LittleBigPlanet Vita Review
Sometimes simple ideas yield impressive and unexpected results. LittleBigPlanet is such an example, a veritable phenomenon. At first glance it’s a pretty straightforward puzzle platformer, the kind we’ve been playing for decades. But upon further inspection, realistic physics and fiendishly clever level design give the basic gameplay more depth than expected. Cap it all off by including the tools the designers themselves used, thus allowing the player at home the chance to create their own unique levels. This essentially makes these games infinitely replayable; at last count there were over six million levels. Yes, you read that right. Sure, most of them are pretty terrible, but there are enough hidden gems that users have created that are worth seeking out. The adventures of Sackboy have gone mobile for the second time, now on the PS Vita, and let me tell you, this could be the best one yet!
As you’d expect, LBP Vita is almost annoyingly cute! This time around it’s up to Sackboy (and friends) to defeat the evil Puppeteer who has fallen to darkness and spoiled the once bright and wonderful world of Carnivalia. Colonel Flounder, the former ringmaster, sets you on your quest. On the way you meet another host of cute characters, each specific to his or her own world. If it sounds familiar, it is.
In fact, there isn’t much unexpected here. It’s more LBP! The formula hasn’t changed much, and that’s perfectly okay. Sackboy is adorable as ever, and playing dress up with all the fun stuff you find is as addictive as you remember. You traverse the levels that make up each unique world: running, jumping, swinging, grappling and flying through, all the while gathering score bubbles and collectibles that are scattered all over the place. Each world offers unique challenges and loads of things to find, often demanding extra playthroughs to discover all the goodies.
Taking advantage of the PS Vita’s new technology is the hook for this one. Touch screen controls take a fair amount of precedence in actual gameplay. I think it compliments the traditional platforming that makes the core experience, rather than overshadowing it. You’ll guide rockets around obstacles with your fingertips, build bridges by pushing blocks in and out. These moments blend in surprisingly well, feeling natural rather than gimmicky.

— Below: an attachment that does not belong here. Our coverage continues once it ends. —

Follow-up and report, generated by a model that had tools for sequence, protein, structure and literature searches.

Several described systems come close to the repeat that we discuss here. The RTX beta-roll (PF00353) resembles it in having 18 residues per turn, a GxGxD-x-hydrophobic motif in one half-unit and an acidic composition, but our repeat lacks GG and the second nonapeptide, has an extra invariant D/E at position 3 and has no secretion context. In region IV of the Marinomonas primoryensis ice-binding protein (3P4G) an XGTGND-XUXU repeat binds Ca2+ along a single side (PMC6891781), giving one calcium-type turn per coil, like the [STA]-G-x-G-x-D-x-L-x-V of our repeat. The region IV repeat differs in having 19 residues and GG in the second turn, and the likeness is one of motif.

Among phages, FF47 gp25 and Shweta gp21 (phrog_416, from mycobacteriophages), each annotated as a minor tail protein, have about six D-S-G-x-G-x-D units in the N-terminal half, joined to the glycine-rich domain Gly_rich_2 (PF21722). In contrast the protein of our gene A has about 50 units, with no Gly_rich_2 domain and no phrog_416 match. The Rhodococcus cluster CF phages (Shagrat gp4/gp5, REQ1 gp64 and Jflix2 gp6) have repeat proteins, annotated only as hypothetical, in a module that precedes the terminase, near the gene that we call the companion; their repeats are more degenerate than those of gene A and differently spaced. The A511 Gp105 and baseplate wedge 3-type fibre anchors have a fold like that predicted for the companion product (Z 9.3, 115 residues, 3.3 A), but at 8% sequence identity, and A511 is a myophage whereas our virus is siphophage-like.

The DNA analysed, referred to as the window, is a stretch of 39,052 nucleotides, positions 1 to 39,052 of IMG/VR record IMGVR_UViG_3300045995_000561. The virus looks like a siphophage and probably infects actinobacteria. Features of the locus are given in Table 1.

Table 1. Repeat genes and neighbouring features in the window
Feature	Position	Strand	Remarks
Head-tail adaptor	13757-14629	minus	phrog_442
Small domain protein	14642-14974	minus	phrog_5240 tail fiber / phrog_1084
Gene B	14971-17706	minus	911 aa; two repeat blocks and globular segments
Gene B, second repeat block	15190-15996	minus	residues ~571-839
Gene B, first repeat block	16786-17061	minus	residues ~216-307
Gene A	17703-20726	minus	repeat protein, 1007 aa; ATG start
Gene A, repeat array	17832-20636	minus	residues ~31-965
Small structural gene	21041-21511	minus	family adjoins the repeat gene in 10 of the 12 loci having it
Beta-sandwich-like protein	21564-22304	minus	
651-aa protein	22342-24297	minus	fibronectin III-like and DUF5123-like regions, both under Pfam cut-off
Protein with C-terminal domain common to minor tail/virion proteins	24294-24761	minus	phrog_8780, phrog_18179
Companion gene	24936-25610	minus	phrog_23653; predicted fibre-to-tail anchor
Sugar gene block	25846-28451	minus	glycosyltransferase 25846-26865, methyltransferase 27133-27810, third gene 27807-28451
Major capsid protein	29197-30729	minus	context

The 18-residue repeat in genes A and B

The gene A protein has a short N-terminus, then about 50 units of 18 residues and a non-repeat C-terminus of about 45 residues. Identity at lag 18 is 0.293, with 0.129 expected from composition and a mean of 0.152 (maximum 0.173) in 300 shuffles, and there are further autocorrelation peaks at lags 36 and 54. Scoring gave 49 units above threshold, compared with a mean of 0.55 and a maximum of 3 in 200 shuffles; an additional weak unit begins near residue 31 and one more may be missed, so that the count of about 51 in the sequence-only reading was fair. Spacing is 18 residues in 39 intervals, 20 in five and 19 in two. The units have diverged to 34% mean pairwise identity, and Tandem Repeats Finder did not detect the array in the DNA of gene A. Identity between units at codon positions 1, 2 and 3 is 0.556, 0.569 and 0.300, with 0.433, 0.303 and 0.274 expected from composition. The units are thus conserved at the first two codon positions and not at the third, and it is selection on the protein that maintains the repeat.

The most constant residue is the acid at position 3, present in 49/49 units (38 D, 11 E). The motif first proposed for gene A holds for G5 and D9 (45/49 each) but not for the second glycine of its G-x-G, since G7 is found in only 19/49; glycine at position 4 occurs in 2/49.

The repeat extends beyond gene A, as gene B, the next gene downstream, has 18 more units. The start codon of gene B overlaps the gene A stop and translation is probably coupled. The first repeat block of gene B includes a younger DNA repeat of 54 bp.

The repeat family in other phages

One thing I really loved is the newly improved “side quests.” These off shoot levels are simple mini-games that I always considered to be the weak link in previous entries, but on the Vita version, the emphasis is wholly on the touch screen controls. The very first one is a wack-a-mole style game that I played more than once… something I never did on either console version.
Along with the mini-game challenges, there is a whole new range of side games in “The Arcade.” These are wholly separate games that can be played at any time. Some of them are puzzlers, some are simple touch screen games. They are a nice distraction, but I don’t think they add that much to the overall experience.
On the whole, the touch screen controls work admirably… except for one glaring exception. There are some levels that require the use of the back touch pad to maneuver Sackboy about with jet packs. While the motion controls work well enough, these flying levels are frustrating. It’s not just that it takes some getting used to, but it feels all together completely unintuitive.
The background graphics are just as good as on the PS3. The lighting and design is all top notch; it really shows off just what the Vita can do. Another constant to the LBP experience is the soundtrack, which once again heightens the experience. The voice acting gives each unique level more personality, not to mention the incomparable Stephen Fry returns to narrate the adventure. It wouldn’t be LBP without him!
What would the LBP experience be without the option of creating your own personal levels! Using the touch screen controls to augment and alter the designs is a nice touch. I also love how you can make use of the Vita’s camera to add a little personal flair to your designs. However, fair warning: the interface is still complex, almost too much so. I get that they don’t want to dumb it down too much. Giving those truly talented individuals the tools to let their imaginations run wild has yielded some astonishing results. However, I still feel like intricacy turns off the more casual (and less imaginative) fans. The real downer is that there isn’t access to the breadth of content already created.
While Media Molecule is no longer directly in charge, the trio of new developers took the LittleBigPlanet spirit and ran with it. You wouldn’t even know it was made by a veritable conglomerate of companies. I’ll be honest, they should all be commended for making what could be the best LBP yet. The Vita version takes all the best parts of the console games and successfully infuses motion and touch controls to add just that much more to the mix. Personally, I can’t wait to see what the community at large comes up with in the future. Just like its console brethren, LBP Vita takes puzzle platforming to new heights, and the fact that you can do so on the go makes it just that much sweeter.
Reviewed By: Simon Waldron
Publisher: Sony Computer Entertainment
This review is based on the PlayStation Vita version of LittleBigPlanet provided by Sony Computer Entertainment.
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